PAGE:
The answer is gradually and steadily.
Think about how you teach a child to ride a bike. Initially, you may take your baby or toddler for rides via a child-size seat on the back of your bike. But once the child is capable of learning to ride a bike independently, you offer him his own little bike as well as support in the form of training wheels. The child rides around the garage, around the driveway, and maybe even around the block with training wheels on his bicycle. Those training wheels are what support him, what keep him upright at that stage.
You also begin to teach him the rules of the road, right? You are going to make sure that the child understands the basics of bike riding. Learning safety rules is essential. We don’t expect the child to learn those on his own; we make sure he is well versed in safety and cycling rules before he is allowed to proceed to the next step. Before long, the child is ready for the training wheels to come off probably long before you are ready for the training wheels to come off!
Once the training wheels are off, the child needs to develop his own sense of balance. He has had a small taste of balance with the training wheels on, but the ultimate test comes once they come off. When the parents and child feel he is ready, off they come. How exciting! However, before the child learns to totally balance on two wheels, Mom or Dad needs to hold onto the bike seat and walk (or run) beside the child as he learns to balance on his own.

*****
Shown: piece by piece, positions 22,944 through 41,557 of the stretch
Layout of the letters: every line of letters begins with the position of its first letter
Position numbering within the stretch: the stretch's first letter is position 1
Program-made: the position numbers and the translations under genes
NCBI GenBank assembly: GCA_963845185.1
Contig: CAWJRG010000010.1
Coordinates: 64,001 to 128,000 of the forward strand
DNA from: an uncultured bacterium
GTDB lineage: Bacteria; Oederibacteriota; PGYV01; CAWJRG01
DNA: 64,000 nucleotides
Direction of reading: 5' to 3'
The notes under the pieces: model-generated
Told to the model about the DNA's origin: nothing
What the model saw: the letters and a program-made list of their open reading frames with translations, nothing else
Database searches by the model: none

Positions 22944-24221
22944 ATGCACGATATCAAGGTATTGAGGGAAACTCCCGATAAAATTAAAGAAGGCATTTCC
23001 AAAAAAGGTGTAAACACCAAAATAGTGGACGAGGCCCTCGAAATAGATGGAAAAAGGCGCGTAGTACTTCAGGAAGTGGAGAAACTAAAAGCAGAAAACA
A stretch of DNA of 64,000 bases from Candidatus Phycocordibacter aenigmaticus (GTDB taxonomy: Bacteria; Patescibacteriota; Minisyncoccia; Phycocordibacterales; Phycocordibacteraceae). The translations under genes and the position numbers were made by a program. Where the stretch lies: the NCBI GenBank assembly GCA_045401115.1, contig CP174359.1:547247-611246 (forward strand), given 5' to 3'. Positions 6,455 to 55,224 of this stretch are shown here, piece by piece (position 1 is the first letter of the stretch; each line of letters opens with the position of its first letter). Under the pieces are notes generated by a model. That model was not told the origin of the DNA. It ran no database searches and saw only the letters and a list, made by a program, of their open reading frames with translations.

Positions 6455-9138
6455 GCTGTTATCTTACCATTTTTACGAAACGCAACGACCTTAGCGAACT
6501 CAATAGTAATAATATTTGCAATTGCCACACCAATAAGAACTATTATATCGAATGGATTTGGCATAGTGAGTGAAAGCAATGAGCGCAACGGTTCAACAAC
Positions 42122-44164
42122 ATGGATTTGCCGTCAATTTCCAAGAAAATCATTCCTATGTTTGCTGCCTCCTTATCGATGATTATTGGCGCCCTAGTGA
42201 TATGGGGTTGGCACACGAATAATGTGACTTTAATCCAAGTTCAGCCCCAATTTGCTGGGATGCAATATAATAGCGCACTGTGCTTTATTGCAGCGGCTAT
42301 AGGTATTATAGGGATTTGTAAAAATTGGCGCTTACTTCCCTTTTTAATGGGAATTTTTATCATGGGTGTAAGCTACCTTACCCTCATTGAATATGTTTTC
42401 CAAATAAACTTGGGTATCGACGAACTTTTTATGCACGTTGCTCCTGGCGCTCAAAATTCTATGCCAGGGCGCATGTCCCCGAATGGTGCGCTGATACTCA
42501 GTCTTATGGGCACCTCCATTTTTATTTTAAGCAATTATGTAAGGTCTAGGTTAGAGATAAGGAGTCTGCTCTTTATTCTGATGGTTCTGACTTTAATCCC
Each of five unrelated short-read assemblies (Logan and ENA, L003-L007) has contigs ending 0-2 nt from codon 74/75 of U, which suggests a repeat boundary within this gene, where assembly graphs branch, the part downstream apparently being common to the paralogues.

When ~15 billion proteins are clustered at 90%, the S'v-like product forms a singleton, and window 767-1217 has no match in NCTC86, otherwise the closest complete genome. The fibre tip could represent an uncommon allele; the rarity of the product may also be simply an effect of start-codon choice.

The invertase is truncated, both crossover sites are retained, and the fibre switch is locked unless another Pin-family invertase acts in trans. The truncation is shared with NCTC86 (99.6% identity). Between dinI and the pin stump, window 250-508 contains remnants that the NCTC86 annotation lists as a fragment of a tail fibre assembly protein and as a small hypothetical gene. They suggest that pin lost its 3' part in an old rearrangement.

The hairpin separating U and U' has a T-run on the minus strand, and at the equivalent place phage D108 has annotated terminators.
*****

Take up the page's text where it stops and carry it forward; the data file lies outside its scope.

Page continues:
Before long, though, he is ready for you to let go.
He wobbles a little, but off he goes on his own. There may be a fall in the near future, but hopefully not many. You trust that he will obey the rules of the road, and you watch to be sure that he does so when he is within sight. Once he is out of sight, you have to trust him.
You begin to allow him to ride further and further from home, as you are confident that he is able to ride safely. You will make sure he is out of high-traffic areas as he begins to ride independently. He will not have the endurance yet to ride for long periods of time or to ride up long hills that require focus and greater athletic ability than he possesses initially. All that will come later with time and experience.
When you let go of that bicycle seat, your child becomes truly self-propelled!
About the Author
Joanne Calderwood has been called America’s Homeschool Mom. She is an underwhelmed Mom of eight great kids, owner of URtheMOM.com, and an author and columnist. Her new book, The Self-Propelled Advantage: The Parent’s Guide to Raising Independent, Motivated Kids Who Learn with Excellence, enables parents to teach their kids to teach themselves with excellence.